Update April 17, 2008: The Nebraska legislature passed and the governor has approved LB 764, a ban on horse tripping and steer tailing. Click here for a copy of the final bill.
The Nebraska legislative session has now ended.
Original report: Both the Arizona and Nebraska legislative sessions end soon. The Arizona session convenes on the 2nd Monday in January for 100 days. The Nebraska legislature is scheduled to end April 17, 2008.
But there is still time to end the cruel practice of horse tripping in both states.
Horse tripping is done during Mexican rodeos called charreadas, and involves two cowboys on horseback chasing a horse and causing the animal to flee. When the horse has reached full speed, a third horseman lassoes one of the horse’s front legs, then stops and pulls back on the rope, causing the horse to trip forward and smash full-force into the ground.
Most western states have already outlawed horse tripping, but the practice remains legal in Arizona and Nebraska because these states define it as a rodeo event, making it exempt from animal cruelty statutes.
Tripped horses typically suffer serious injuries, from broken bones to spinal damage, sometimes dying as a result. Those who survive are usually so psychologically traumatized that they cannot even look at a rope without becoming terrified.
HB 2539, a bill spearheaded by Phoenix City Councilwoman Thelda Williams wouldÂ ban the cruel practice of horse tripping in Arizona.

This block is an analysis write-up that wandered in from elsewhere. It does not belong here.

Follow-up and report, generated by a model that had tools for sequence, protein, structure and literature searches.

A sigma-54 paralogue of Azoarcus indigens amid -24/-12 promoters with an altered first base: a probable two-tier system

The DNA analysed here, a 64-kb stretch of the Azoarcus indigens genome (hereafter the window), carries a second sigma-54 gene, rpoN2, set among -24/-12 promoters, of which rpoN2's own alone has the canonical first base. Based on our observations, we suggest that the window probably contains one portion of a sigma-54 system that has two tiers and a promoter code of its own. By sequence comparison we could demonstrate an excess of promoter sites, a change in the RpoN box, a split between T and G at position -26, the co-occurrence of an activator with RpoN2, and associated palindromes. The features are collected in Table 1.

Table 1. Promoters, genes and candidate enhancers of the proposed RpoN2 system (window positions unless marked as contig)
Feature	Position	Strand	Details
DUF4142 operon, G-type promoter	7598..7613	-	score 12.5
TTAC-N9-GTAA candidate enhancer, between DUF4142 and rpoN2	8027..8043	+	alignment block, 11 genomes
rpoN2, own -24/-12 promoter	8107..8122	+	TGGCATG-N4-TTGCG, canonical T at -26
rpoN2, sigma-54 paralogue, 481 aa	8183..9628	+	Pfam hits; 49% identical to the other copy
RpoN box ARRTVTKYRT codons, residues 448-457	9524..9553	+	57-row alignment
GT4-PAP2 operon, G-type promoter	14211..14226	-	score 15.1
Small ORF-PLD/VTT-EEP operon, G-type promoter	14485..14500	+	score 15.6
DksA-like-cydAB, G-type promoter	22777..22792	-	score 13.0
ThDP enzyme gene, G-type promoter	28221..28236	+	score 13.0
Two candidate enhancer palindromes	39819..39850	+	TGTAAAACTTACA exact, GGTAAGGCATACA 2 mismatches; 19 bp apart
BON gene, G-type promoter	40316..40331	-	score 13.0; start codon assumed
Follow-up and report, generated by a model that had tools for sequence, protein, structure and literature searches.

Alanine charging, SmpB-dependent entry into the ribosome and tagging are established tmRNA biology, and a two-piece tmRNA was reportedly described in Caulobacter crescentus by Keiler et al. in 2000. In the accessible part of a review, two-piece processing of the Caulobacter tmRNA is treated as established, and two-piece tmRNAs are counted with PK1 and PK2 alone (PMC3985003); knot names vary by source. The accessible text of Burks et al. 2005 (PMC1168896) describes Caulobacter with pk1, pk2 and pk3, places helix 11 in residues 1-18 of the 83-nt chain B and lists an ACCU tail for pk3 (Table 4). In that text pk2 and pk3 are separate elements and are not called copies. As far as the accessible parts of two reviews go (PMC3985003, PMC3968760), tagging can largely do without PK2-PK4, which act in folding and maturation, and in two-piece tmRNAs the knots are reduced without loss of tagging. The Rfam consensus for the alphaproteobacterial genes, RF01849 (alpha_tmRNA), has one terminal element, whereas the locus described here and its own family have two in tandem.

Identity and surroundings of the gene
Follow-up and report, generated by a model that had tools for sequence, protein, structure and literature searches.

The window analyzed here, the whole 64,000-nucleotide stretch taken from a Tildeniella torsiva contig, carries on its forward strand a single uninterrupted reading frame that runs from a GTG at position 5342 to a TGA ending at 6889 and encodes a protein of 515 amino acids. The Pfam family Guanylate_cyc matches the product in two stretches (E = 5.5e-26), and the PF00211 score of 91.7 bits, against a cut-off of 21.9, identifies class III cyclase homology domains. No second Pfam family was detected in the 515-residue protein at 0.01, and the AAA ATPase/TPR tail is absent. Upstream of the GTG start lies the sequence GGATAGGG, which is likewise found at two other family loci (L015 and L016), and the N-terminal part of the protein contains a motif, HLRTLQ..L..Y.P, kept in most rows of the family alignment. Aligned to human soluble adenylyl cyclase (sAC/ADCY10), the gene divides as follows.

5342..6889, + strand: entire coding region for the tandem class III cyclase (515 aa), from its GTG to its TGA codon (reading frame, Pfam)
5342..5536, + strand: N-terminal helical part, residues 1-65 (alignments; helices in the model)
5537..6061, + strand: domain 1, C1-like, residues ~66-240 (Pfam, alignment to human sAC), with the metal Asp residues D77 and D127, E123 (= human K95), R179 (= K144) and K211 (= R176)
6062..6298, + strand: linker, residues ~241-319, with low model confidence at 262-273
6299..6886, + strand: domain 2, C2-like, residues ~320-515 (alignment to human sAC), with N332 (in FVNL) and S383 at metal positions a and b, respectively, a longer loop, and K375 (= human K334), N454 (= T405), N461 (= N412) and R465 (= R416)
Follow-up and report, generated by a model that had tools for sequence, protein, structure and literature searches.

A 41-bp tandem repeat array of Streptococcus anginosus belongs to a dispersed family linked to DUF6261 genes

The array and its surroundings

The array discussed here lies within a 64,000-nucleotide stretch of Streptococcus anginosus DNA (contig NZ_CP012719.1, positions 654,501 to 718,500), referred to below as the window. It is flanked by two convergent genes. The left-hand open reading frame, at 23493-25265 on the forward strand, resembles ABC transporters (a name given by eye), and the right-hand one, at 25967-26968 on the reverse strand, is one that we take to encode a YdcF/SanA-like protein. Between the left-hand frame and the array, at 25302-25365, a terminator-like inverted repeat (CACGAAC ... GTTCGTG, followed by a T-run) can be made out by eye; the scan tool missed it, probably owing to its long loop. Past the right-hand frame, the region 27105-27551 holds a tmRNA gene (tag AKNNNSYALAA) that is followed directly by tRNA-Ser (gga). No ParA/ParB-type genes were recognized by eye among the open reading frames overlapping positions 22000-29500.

HB 2539 is sponsored in the Arizona State Legislature by Representatives Kyrsten Sinema, Ed Ableser, and Tom Prezelski, but it will need the support of more legislators to pass. Please do your part to ensure that it does by taking action in the following ways.
Click here for a copy of the Nebraska bill, LB 764. An amendment to the bill makes clear that "intentional tripping or causing to fall, or lassoing or roping the legs of, any equine for the purpose of entertainment, sport, practice, or contest" is not a commonly accepted practice in sanctioned rodeos, animal racing or pulling.
For further information on this issue, read Fund For Horses Fact Sheet.
Nebraska’s proposed bill would also ban steer tailing in which someone on horseback chases a steer, grabs his tail and forces the poor animal to the ground. The steer is often pulled violently to the ground. This activity is also a feature of Mexican rodeos or charreadas.